Although this means that I will have to spend earth day in a courthouse. And that has me a little sad.

So, if you have a chance, go out and plant a tree for me, will you?

1 Q: Why can’t I be summoned to a courthouse closer to my home?
A: Summoning you to the court location closest to your home is not possible for several reasons. First, you are not summoned based on your place of residence, city, or zip code. All jurors are summoned by a computerized process. The assignment is made taking into consideration the location of the juror and the location of the court which need jurors at the time the juror is summoned. Jurors are summoned from a 20-mile radius of a given court.

2 Fellow walkers, a tip: if you do not have an excuse (such as care for a small child or sick person) other than your lack of car, skip trying to write back for rescheduling and go straight to the phones. They'll help you with what language to use, and the difference between an inconvenience and a hardship, for problem-free rescheduling.

Walking in the way of cars

Red Line - Western Ave

Tomorrow, from 10 am - 5pm, Wilshire Blvd will be closed.

Okay, so it's only the small section of Wilshire (0.3 miles) that calls itself the "Wilshire Center". But it is in honor of Earth Day, one of LA's few officially declared car free days (not to be confused with world car free day on September 22nd).

So ditch the car. Ditch work. And come find me in the crowd*.

There's a bike raffle, live music, free reusable grocery bags, and the whole event kicks off the start of the Wilshire Cool District Program created by the Wilshire Center Business Improvement Corporation. The Wilshire Cool District is a commitment to reduce the area's carbon footprint by 2% a year for 40 years.

* I may or may not be there, depending on how quickly I get out of Jury Duty. More on that later.

Friday, April 18, 2008

HOWS Market: The new Hughes Market

Metro Red Line – North Hollywood Station

If you lived in LA from the sixties to the nineties, you probably shopped at a Hughes.

Hughes was somewhere between Trader Joes, a Whole Foods, and Ralphs. Before Trader Joe’s sold fresh (not frozen or preserved) produce, and before Whole Foods and Farmer’s Markets were in every neighborhood, Hughes was where you went for variety and fresh vegetables (I hear their meat was pretty good too). All of that, and I think one of the things I remember best about Hughes was that, unlike most other stores, they had a large clock which you could see from almost anywhere in the store. It was very convenient.

The chain was sold in 1997, and disappeared not too long after that.

And now they’re back.

HOWS market in North Hollywood is across the street from the last stop on the Red Line (or Orange Line, if you're coming from the valley), comfortably surrounded by coffee, ice cream, and food.

The trick is knowing how to enter. After exiting the subway, walk Southeast on Lankershim (just go forward). Cross the street, walking toward the white window-wall, which looks like a mis-placed leftover from the Beetlejuice set, and take a left. You’ll pass a few stores, and head right into HOWS.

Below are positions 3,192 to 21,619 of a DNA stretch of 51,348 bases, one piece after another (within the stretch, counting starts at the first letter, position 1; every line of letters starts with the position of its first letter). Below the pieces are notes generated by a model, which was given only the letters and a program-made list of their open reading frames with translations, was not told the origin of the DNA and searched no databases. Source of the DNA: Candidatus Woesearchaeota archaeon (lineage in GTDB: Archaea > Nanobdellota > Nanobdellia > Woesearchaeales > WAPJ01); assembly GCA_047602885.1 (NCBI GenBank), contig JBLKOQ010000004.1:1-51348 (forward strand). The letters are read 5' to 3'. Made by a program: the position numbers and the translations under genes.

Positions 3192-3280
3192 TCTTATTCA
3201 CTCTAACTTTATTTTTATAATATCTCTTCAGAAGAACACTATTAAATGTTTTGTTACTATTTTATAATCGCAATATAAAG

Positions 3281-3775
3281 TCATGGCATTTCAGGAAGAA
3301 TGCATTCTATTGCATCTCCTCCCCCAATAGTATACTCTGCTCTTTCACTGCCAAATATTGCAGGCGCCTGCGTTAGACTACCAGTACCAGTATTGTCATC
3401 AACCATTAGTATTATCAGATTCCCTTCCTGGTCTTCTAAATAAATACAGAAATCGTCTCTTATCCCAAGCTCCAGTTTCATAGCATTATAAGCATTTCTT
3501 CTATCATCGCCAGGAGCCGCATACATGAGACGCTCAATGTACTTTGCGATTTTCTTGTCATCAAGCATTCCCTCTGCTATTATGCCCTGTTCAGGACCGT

Once inside, it almost looks like any other supermarket. Except the ambiance is a little bit calmer. The lights don’t seem so harsh. You can sit and eat on the patio outside, or inside in a small deli/dining area. Or visit the wine bar, located inside the separate alcohol corner.

Prices are the same or cheaper than the nearby Ralphs, and if you’re traveling on the train, or just a bit farther than the average local, they’ll give you special bags to take home your frozen foods, or you can buy reusable hot/cold insulated bags.

I’m just happy to have my childhood Hughes market back.

Wednesday, April 16, 2008

The City of Trees

Sacramento, CA

If you ever want to feel the difference trees can make on a hot day, visit Sacramento.

In the summer, temperatures break the triple digits. Even now, in April, the temperature hovered around ninety in the sun. But it was a perfect day in the shade.

Sacramento sits at the end of the great bowl that is California’s Central Valley. This means that all of the pollution, pollen, particulates, and other P-words from Sacramento stick in the air, and are fed by San Francisco from one direction, and the Central Valley farms from the other.

It wouldn’t seem like the best place to go for a walk to get a breath of fresh air.

Except for the trees. Downtown Sacramento is an Urban Forest. Most blocks have trees planted every five yards; trees which are anywhere from five to a hundred years old. In fact, Sacramento claims to have more trees per capita than any other city in the world.

You can feel the temperature difference – ten to twenty degrees – from a block without many trees (they're rare, but do exist around construction areas) to blocks with fully grown trees. The tree canopy helps to make Sacramento a walkable city. It also assists in keeping the city from existing under water, as part of Sacramento's flood management program.

The Sacramento Tree Foundation is now looking to expand this tree canopy, with a goal to plant five million trees over the next 40 years. Their three-part, staged plan will include working with twenty-six jurisdictions around Sacramento. The goal is to plant trees in urban areas while educating businesses and residents in the planting, care, and appreciation of trees, to help ensure the long life of the urban forest.